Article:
While her husband, John Adams, served as the second president of the United States, Abigail Adams solidified plenty of firsts of her own.
She was the first woman to serve as second lady of the United States when John became the first vice president in 1797. She was the first woman to live in the White House (or the president's house as it was then known) in 1800. And in 1824, six years after her death, her son John Quincy Adams was elected president, making her the first woman whose husband and son both attained the highest elected office in the land. (Barbara Bush was the second.)
Who Was Abigail Adams?
But before Abigail Adams became a president's wife or mother, she was simply Abigail Smith. She was born Nov. 11, 1744, in Weymouth, Massachusetts, to William Smith, a Congregationalist minister and Elizabeth Quincy Smith, the daughter of John Quincy, a member of the colonial governor's council and colonel of the militia. That lineage was important to Adams' social and intellectual development.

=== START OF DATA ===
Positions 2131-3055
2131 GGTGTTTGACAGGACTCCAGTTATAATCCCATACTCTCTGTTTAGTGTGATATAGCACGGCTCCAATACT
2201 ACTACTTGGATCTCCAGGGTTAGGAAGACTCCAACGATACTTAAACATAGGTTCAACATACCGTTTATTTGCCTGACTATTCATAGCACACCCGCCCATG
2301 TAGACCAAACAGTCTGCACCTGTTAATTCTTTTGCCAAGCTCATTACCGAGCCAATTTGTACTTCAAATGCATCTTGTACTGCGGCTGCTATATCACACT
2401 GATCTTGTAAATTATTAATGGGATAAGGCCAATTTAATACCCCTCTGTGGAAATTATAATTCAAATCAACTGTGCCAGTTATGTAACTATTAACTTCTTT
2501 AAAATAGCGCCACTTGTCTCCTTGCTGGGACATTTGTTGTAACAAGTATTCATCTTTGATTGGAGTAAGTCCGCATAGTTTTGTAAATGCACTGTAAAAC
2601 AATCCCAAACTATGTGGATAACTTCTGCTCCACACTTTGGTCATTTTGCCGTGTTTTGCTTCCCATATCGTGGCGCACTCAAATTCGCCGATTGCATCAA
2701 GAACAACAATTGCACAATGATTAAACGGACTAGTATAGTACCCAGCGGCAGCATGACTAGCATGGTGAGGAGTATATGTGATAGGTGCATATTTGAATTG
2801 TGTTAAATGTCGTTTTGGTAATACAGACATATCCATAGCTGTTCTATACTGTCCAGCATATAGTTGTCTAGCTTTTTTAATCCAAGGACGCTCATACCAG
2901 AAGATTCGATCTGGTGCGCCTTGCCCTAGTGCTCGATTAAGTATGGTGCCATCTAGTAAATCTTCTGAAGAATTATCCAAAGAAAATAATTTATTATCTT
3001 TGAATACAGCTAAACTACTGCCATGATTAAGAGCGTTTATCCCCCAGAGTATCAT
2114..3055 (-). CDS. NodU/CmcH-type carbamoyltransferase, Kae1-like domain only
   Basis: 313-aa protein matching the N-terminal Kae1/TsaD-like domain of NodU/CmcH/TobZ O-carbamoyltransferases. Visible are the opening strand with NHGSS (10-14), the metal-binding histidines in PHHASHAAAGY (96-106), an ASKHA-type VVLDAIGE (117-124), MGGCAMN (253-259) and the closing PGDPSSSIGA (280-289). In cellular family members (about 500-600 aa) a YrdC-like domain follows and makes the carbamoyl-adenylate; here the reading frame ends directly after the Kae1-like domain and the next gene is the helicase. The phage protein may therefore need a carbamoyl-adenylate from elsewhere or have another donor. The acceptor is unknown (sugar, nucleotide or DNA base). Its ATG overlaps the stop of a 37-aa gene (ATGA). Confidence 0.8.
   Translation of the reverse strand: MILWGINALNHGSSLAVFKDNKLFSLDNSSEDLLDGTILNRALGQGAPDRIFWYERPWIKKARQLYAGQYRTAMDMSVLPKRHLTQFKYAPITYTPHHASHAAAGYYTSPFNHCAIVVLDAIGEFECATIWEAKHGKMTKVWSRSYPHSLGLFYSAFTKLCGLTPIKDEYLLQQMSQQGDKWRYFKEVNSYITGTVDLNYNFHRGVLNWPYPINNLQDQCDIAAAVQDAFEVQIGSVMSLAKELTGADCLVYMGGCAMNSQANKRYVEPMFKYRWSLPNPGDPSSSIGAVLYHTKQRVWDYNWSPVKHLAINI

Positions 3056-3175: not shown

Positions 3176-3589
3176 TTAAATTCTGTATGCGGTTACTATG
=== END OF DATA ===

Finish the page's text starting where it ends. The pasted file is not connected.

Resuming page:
Thanks to her maternal grandfather's involvement in colonial government — he held the post of Speaker of the Massachusetts Assembly for 40 years — Adams grew up understanding government and with a keen interest in public service. And while she wasn't formally educated at school, she was taught to read and write at home and had access to an extensive family library that included books on law, philosophy, history and the classics.
In 1764, when she was 19 years old, she married John Adams, a young Harvard graduate preparing to practice law. They were married in her family home, but soon left to live on a farm — Old House at Peace field — in Braintree near Boston where John Adams set up his practice.
Just one year later the babies started coming. The Adams' had three sons and two daughters: Abigail "Nabby" Adams (1765-1813), John Quincy Adams (1767-1848), Susanna Adams (1768-1770), Charles Adams (1770-1800) and Thomas Boylston Adams (1772-1832). They also had a stillborn daughter, Elizabeth, in 1777.